By Gatuyu Justice
Life is breathed into the constitution through statutory enactments, judicial pronouncements and customs of practice developing over time; never by amendments. The later ought to be a remedy of last resort, to be applied as antidote where a provision fails to encapsulate the vagaries of time.
Yet various constitutional amendment onslaughts have been mooted including changing the election date, MPs seeking powers to superintend the equalization fund, Council of Governors (COG) aiming to tinker with revenue allocation and CORD brigade lingering over potpourri of issues they are grappling to philosophize.
Constitution provisions are intricately intertwined; tampering with one may cause ripple effects diluting harmonious functionality of entire instrument. Amendment should be applied as a research backed antidote for an issue proven to be unworkable, to ensure the document remains living as society grows and not on speculative permutations of futuristic impact.
Conducting hasty mutilations may generate cumbersome results as witnessed by 1919 United States eighteenth amendment banning alcohol. A decade later the move would be reversed through another amendment. Proscribing alcohol was just impossible! This illustrates the danger amending a Constitution without comprehensive scrutiny. A closer case study is our independence Constitution reveals its vitality was militated by array of unconsidered amendments.
Whereas the Constitution is a political document, restricting politicians from using it as a dashboard for their political chess game is a mission impossible. Referendum calls by Cord brigade maybe appreciated from those lenses. Their move being political requires political ripostes from naysayers. If they prevail, well, history will be defined, with victors being venerated and the vanquished being vilified.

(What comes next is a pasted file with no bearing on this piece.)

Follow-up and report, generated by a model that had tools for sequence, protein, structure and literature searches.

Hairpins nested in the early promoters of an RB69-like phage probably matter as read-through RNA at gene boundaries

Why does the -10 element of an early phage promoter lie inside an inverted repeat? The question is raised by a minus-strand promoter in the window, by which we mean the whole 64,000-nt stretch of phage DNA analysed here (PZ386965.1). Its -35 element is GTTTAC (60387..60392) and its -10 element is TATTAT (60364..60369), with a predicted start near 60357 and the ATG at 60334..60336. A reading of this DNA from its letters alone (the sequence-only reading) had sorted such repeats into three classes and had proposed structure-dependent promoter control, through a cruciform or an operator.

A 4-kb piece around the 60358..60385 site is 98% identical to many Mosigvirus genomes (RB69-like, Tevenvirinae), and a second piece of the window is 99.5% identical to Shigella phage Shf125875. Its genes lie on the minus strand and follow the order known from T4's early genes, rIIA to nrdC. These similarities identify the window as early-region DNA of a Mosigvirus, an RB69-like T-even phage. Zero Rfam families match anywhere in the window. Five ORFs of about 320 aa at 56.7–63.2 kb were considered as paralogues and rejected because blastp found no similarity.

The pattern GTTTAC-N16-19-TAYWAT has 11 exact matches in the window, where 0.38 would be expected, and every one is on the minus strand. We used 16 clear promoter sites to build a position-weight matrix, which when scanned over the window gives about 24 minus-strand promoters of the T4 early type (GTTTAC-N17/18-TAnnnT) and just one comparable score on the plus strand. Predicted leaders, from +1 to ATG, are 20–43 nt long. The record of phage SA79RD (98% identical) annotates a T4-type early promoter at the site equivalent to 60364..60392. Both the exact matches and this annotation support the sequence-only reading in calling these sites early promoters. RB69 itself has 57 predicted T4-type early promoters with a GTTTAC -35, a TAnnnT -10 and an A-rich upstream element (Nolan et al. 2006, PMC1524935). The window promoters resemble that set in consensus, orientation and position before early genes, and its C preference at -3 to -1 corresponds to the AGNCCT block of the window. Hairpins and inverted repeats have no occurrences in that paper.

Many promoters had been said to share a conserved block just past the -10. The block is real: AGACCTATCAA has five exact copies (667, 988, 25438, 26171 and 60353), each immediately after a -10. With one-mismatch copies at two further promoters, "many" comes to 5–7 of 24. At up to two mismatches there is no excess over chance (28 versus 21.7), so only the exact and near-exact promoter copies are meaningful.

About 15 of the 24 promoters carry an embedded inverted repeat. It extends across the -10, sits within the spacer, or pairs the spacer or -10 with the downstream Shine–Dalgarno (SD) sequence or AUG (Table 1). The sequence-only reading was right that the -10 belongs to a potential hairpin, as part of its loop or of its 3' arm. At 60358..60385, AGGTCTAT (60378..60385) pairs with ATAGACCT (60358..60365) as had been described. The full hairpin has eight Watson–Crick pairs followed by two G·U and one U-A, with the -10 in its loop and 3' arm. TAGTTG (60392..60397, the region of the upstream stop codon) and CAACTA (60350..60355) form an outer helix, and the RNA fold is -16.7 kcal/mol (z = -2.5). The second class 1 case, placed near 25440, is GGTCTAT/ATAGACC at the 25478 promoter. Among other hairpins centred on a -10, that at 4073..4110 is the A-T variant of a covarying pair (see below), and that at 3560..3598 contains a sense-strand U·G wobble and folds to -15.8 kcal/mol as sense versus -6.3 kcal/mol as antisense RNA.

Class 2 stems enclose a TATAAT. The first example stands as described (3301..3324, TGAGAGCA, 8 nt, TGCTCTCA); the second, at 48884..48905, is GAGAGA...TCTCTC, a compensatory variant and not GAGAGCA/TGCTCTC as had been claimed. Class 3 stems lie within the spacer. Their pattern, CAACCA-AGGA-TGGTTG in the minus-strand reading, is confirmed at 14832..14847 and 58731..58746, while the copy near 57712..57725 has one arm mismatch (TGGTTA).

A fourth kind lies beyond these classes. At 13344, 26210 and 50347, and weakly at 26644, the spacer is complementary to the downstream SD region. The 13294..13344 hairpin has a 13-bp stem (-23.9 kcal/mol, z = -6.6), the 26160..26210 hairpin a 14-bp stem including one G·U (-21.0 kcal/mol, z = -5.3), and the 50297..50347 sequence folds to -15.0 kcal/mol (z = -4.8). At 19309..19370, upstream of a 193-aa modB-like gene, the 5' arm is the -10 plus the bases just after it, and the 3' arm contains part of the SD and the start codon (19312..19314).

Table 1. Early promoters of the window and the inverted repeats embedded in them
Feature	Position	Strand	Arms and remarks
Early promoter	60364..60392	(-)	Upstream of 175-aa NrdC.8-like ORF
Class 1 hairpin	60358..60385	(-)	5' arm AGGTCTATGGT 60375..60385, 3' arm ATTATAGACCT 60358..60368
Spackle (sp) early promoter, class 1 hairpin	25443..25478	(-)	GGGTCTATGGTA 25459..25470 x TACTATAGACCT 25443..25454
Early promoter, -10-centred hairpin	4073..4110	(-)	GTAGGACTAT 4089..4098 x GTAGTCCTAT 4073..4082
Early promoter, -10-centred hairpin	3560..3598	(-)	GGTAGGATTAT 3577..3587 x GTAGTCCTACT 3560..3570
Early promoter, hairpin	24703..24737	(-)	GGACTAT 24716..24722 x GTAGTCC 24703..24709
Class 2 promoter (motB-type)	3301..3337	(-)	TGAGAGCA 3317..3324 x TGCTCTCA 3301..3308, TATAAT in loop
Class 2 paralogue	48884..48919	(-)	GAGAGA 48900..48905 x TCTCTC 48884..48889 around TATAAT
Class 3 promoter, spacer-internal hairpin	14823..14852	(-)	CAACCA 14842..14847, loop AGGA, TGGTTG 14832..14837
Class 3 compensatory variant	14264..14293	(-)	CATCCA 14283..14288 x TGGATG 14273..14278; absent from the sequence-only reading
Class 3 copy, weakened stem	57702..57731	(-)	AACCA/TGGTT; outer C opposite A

But pesa Mashinani calls by C.O.G clamoring more pie of revenue raised nationally is casual and baffling. Not only has COG not bothered to cost 14 functions allocated to them, they have failed to see the national government has 35 functions, some like education, national security and defense swallowing huge chunks of money. Not only has COG ignored inter-governmental mechanism to ventilate their issues, they will hear nothing of accountability at county level to facilitate prudent utilization of “meager” resources they have, hiding behind court injunctions wherever Senate moves to scrutinize them.
The referendum pursuit by governors may not be about money after all, but a choreographed side-show to conceal ineptitude characterizing the institution that is Council of Governors. Under C.O.G watch, Counties are mere consumption, instead of being production units. National treasury is now like a lorry pulling 47 heavy cages attached to it. If each of the cages were able to propel itself, the speed of the lorry would be faster. Having financially functional counties is a path for growth of the national economy.